Thursday, March 11, 2010

Changes to the Japanese Language Proficiency Test

Just back from a lesson in which my teacher explained to me how the Japanese Language Proficiency Test (JLPT) level 1 will be different from this July. After the disclaimers, here is what I learned


1) I am a student, not an expert, on JLPT tests.
2) Example questions will be written in English for quality (I don't want to make mistakes in Japanese on a post that is supposed to be helpful.
3) No test has yet been released, so difficulty of questions is impossible to judge.
4) This is not to be taken as gospel, consult a teacher or buy the book photographed here (Japanese only) if you want a concrete explanation of the test.
5) There may be differences in the changes to levels 2-5.
6) July will be my first attempt at level 1 on the JLPT.


The old test went like this:

Vocab (25 %)
Listening (25 %)
Reading and grammar (50 %)

The new test is:

Vocab, reading and grammar (110 mins.; Reading: 33.3 %; Vocab and grammar: 33.3 %)
Listening (60 mins.; 33.3 %)

Note the test is now in two, rather than three parts, and listening now counts for more.



This section of the test, which covers kanji and words, has not changed dramatically, but the number of types of problem is reduced. The section which asked examinees to select the appropriate kanji (しん: 芯? 真? 針? 信?) has gone.


Two types of problem have been added to this section, and they both look tricky:

1) Examinees will be asked to put a segment of a sentence in the correct order.

e.g. I went to the _____ ______ *______ ______ my wallet.
A: had B: supermarket C: but I D: forgotten
(Answer: A)

2) An article of around six or seven paragraphs will have around five grammar points missing in certain sections. Examinees must add the appropriate grammar point.

e.g (one para. of six or seven)

Thousands of Greek workers ___________ bring the country to a halt with a second strike in a month over austerity measures.

A: are expecting to B: do C: are expected to D: expects
(Answer: C)


This section has been changed quite dramatically, it counts for more toward examinees overall scores, and three new types of question.

1) Monologue followed by question (no question before the speech.)

e.g. (SCRIPT)

My name is Prince and I am funky
My name is Prince the one and only
I did not come 2 funk around
'Tll I get your daughter I won't leave this town

In the beginning God made the sea
But on the 7th day he made me
He was tryin' to rest y'all when He heard the sound
Sound like a guitar cold gettin' down
I tried to bust a high note, but I bust a string
My God was worried 'til he heard me sing

My name is Prince and I am funky
My name is Prince the one and only - hurt me

Question: Until when will Prince not leave this town?

A) The 7th day B) 'Til he busts a high note C) Shrove Tuesday D) 'Til he gets your daughter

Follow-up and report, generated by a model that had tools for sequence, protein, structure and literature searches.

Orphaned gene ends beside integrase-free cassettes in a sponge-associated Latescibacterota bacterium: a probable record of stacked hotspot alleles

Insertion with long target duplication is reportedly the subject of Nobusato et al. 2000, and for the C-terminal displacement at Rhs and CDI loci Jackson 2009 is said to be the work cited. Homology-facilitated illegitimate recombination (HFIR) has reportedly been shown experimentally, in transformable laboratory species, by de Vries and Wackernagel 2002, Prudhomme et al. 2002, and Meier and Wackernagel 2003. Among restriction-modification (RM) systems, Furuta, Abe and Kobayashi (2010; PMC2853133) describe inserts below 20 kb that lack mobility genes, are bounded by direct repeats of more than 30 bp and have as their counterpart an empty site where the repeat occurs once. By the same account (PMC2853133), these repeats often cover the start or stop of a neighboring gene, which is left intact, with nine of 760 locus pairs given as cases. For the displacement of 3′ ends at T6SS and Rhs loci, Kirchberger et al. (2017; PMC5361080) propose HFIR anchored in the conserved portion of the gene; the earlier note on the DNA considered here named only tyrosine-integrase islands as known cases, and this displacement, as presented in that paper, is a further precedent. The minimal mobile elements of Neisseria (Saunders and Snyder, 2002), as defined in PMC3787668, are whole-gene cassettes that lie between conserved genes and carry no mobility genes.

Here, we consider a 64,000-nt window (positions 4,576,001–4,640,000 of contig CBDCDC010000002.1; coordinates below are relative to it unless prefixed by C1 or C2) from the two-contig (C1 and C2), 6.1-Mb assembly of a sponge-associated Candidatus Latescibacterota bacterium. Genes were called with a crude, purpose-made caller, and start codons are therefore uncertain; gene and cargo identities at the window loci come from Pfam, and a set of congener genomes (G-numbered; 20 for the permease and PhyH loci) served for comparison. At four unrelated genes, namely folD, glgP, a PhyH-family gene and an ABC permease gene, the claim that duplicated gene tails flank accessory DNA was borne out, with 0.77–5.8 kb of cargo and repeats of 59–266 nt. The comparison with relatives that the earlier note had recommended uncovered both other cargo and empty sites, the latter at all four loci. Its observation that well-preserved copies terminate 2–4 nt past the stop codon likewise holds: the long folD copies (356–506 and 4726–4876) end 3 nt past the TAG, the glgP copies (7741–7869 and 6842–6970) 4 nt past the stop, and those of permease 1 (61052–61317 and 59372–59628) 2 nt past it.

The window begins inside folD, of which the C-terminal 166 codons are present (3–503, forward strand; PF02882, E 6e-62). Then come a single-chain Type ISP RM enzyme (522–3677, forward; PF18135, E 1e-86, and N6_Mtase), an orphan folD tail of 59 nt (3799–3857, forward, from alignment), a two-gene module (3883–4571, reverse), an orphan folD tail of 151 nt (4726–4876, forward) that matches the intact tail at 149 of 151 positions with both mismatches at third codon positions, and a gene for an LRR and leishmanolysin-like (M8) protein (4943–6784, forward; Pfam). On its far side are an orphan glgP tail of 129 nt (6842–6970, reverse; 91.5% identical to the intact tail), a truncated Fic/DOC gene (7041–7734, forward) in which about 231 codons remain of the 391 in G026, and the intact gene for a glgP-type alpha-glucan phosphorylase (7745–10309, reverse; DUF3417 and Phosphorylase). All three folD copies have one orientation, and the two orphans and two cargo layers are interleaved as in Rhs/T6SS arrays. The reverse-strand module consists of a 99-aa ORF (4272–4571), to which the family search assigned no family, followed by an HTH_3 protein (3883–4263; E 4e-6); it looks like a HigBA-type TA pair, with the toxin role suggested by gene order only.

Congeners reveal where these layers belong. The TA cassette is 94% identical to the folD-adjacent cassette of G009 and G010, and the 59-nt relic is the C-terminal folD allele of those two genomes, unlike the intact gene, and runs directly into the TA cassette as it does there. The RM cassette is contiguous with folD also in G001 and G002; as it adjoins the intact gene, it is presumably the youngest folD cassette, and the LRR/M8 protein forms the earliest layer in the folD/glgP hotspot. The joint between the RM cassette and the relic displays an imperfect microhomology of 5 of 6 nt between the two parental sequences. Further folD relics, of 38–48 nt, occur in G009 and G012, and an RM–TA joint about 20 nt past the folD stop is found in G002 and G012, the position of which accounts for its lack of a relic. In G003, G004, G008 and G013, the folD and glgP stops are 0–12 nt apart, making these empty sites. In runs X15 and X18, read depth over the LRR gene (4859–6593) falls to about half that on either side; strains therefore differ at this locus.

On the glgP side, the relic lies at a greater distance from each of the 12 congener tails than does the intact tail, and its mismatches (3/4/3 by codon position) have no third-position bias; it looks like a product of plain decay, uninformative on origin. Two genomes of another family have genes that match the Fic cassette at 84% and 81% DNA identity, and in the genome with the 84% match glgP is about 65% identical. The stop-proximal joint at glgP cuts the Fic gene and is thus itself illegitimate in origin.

(Answer: D)

2) After a sentence by one character, you choose a second characters response from three options.

Male: What do you think would win in a fight between a tiger and a polar bear?

Female: A) Tigers live in the jungle.
B) Of course a tiger, they are well 'ard.
C) Polar bears are massive.
(Answer: B)

3) A monologue followed by a conversation with a multiple choice question on the test paper.

Announcer: It was today revealed that the Twitter account professing to belong to Yukio Hatoyama was in fact written by former Prime Minister Junichiro Koizumi. Hatoyama said he was upset by what Koizumi had done, while the former LDP leader was unavailable for comment.

Male: Koizumi is a terrible man for doing that.
Female: Well, it's better than some of the dodgy dealing that have been going on in government recently.
Male: I don't care I'll always vote for the DPJ.
Female: I prefer the PNP and SDP, but I hope the LDP get back in. That's who I'll vote for.

Question: Which party does the female support?

(On your question paper)
(Answer: C)


The reading section has three new types of problem.

1) Questions on opinion pieces.
2) Questions in which two or more articles need to be read before candidates answer questions.
3) Scanning: Examinees have to scan e.g. a list or pamphlet and then answer questions.

That's the stuff that seems to have changed. The differences seem to favor Westerners living in Japan because of the listening section getting more weight.


  1. (Hey there, Ian from the JT here via Facebook)

    Not taking any of these tests myself, but these questions look very similar to the sort of stuff we inflict on Japanese students in TOEIC and TOEFL. On thing though: why is the answer to Listening part 3 (B)? She clearly states she's voting for (C), and she holds (B) and (D) on the same level of preference.

  2. Useful info, thanks.

  3. Ian, Johan

    The thing I think needs to be written, and by somebody with more Japanese study experience than myself, is an analysis of how the new tests compare to the old ones.

    There seems to be less emphasis on reading etc. now, which will benefit foreigners from countries not versed in kanji etc., but I don't know whether that is a good thing or a bad thing.

    Ian, thank you, you spotted a typo. Will fix that now.